Player withdrawals have not helped with Bento's preparations, and they are still to secure a spot.
Portugal take the tough route to Euro 2012
Poor Paulo Bento. At the beginning of the week, the head coach of Portugal would have been forgiven for wondering if any more players were about to turn their backs on his team.
A month after Ricardo Carvalho, the long-time defensive stalwart, stormed out of the national team hotel in a fit of anger, there was the mystery of Danny, the playmaker from Zenit St Petersburg.
Danny's sudden withdrawal from the squad selected to try to break the three-team deadlock at the top of group H of Euro 2012 qualifying came as an initial surprise to the coach.
The player cited "personal reasons", which led to all manner of speculations, one of them that the footballer feared the reception he might get from the crowd at Porto's Dragao stadium, the venue of tonight's meeting with Iceland.
Porto loyalists, it was suggested, might remind Danny how they felt about the way he had celebrated a goal he scored for Zenit against their club in the last round of Champions League games.
By Wednesday, Zenit themselves issued a statement saying Danny needed a minor operation on an injury.
This was news to Bento, but possibly a relief: Danny will be back in national colours soon.
The Portugal coach cannot afford to shed too many footballers of Champions-League calibre, however infantile their goal-celebrations or, in the case of Carvalho, however childish their tantrums at the idea they might not be automatic starters in the first XI.
Bento is discovering Portugal can be a perplexing and frustrating team to manage.
Just ask Carlos Queiroz, dismissed 13 months ago after a tortured qualifying campaign in the lead up to the 2010 World Cup finals, where Portugal lost to eventual champions Spain, was followed by disagreements with senior players, such as the Brazil-born pair, Pepe and Deco.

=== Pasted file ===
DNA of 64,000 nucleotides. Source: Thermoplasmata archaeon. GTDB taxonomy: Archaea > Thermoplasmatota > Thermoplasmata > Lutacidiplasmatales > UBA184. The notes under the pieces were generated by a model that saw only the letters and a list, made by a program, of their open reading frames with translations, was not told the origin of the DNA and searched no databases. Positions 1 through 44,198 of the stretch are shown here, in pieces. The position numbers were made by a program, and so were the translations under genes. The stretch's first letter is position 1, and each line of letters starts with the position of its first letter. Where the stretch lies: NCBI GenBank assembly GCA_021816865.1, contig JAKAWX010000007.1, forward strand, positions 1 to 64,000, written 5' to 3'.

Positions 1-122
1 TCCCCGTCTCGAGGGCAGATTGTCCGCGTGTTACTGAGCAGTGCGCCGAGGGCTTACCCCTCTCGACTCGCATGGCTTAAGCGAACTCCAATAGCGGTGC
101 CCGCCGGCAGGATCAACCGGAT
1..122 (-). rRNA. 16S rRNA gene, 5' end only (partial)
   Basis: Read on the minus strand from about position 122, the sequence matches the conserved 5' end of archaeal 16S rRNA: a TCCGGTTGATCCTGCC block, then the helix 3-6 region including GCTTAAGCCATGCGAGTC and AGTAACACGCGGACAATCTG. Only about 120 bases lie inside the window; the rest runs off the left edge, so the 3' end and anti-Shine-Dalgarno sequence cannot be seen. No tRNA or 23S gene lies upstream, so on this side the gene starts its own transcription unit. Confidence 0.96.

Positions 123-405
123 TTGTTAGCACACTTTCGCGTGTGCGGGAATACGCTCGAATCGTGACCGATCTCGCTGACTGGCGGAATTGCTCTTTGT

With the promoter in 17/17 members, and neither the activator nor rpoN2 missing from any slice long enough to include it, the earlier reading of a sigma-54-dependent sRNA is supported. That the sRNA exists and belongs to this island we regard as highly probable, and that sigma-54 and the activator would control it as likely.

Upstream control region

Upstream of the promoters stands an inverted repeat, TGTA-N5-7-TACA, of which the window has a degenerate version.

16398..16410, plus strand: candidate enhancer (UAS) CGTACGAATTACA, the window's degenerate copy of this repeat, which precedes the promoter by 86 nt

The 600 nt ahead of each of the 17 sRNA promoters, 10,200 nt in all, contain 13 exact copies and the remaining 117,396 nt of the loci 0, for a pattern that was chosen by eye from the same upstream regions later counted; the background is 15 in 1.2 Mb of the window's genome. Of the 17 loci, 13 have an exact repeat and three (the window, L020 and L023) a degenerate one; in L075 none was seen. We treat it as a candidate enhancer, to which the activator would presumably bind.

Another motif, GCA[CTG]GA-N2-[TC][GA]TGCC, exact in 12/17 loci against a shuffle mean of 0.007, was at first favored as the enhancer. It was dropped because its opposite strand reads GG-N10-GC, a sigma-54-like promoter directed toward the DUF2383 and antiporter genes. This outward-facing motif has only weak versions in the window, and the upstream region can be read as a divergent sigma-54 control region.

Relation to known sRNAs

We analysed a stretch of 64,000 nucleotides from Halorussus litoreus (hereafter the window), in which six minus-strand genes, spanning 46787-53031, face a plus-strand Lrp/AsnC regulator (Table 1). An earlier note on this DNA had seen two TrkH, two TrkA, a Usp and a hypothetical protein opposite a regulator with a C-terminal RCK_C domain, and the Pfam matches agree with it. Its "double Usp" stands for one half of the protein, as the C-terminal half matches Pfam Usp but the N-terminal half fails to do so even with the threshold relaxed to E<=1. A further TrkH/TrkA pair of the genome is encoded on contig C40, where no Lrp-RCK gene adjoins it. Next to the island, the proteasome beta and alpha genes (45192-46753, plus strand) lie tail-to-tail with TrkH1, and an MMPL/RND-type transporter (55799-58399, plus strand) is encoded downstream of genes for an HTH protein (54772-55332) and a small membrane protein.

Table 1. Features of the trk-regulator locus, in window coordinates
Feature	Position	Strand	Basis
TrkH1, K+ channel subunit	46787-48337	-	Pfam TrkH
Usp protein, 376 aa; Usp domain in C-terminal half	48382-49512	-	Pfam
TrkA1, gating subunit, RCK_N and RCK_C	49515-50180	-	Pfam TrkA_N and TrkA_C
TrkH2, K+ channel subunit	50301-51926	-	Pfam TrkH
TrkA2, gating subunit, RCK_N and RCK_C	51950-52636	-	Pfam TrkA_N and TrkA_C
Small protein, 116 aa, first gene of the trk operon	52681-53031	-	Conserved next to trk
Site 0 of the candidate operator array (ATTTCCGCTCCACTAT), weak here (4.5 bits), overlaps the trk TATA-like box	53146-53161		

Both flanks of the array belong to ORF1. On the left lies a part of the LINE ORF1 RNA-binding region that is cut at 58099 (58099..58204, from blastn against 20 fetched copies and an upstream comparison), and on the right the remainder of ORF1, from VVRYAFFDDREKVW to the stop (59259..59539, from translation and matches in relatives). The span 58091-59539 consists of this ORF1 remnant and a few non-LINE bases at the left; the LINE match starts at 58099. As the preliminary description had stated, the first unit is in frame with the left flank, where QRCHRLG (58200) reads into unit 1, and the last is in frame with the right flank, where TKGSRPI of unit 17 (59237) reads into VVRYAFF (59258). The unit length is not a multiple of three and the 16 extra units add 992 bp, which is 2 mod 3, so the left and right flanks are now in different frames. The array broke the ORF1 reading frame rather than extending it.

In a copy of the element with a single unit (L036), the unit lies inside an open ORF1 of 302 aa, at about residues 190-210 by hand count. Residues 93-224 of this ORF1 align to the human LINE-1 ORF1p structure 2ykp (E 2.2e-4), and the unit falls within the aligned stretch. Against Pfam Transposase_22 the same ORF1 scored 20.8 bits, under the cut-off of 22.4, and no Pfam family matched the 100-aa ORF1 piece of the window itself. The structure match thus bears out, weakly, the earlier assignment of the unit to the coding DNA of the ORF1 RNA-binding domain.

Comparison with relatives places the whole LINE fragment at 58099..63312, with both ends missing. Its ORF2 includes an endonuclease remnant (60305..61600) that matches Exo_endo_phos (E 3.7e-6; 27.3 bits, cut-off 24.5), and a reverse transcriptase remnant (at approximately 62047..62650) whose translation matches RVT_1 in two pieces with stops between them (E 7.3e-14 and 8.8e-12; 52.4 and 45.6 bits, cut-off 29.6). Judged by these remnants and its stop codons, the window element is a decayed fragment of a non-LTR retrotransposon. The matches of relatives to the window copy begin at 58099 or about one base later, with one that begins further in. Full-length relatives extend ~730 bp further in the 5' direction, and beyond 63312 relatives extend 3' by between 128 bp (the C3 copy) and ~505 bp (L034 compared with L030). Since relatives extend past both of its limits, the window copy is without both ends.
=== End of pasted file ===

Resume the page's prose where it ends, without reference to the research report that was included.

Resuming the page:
Having made a stumbling start - a 4-4 draw at home to Cyprus; a 1-0 defeat in Norway - to Euro 2012 qualifying under Queiroz, the Federation tried to engage Jose Mourinho as a short-term, part-time, emergency manager.
Bento stepped in when Real would not give Mourinho permission.
Things picked up under the 42-year-old former Sporting head coach. Four wins out of four competitive matches was a bright lift-off.
But any slip-ups over the next two matches and Bento's reputation could plummet.
If Denmark, who are in Cyprus tonight, gain more points over the next two fixtures than the Portuguese, the Danes will finish top of the table.
If Norway, equal on points with Portugal and Denmark, win against Cyprus on Tuesday and Portugal fail to win either of their two games, they could leapfrog the Portuguese, too.
And Portugal must travel to Denmark for their last match.
Like many of his predecessors, Bento has concerns about the balance of his squad.
With Valencia's Miguel having declared his international career over and Chelsea's Jose Bosingwa injured, a makeshift right-back may be required.
The target man, Hugo Almeida, is also unfit and, as Portugal is a nation that seems to produce an abundance of wingers - from Luis Figo to Nani - but struggles to reel off a long list of great centre-forwards it has launched into elite football in the half-century since Eusebio emerged with Benfica, that is problematic.
The party for the Iceland and Denmark games includes Helder Postiga, who at 29 has just shipped up at Real Zaragoza in Spain after recording rather meagre goal-scoring records in the Premier League, the French league and the Greek league.
Nuno Gomes, the 35 year old who hit his peak at international level at Euro 2000, is also called up.
This deficit at No 9 is frequently compensated by the captain, Cristiano Ronaldo, who, were he so minded, could take the centre-forward role and distinguish it.
Ronaldo prefers to operate from the wing and Bento is not likely to challenge that idea.
In the absence of Carvalho, Ronaldo is even more the side's senior figure, the star around whom the nation's prospects seem to revolve.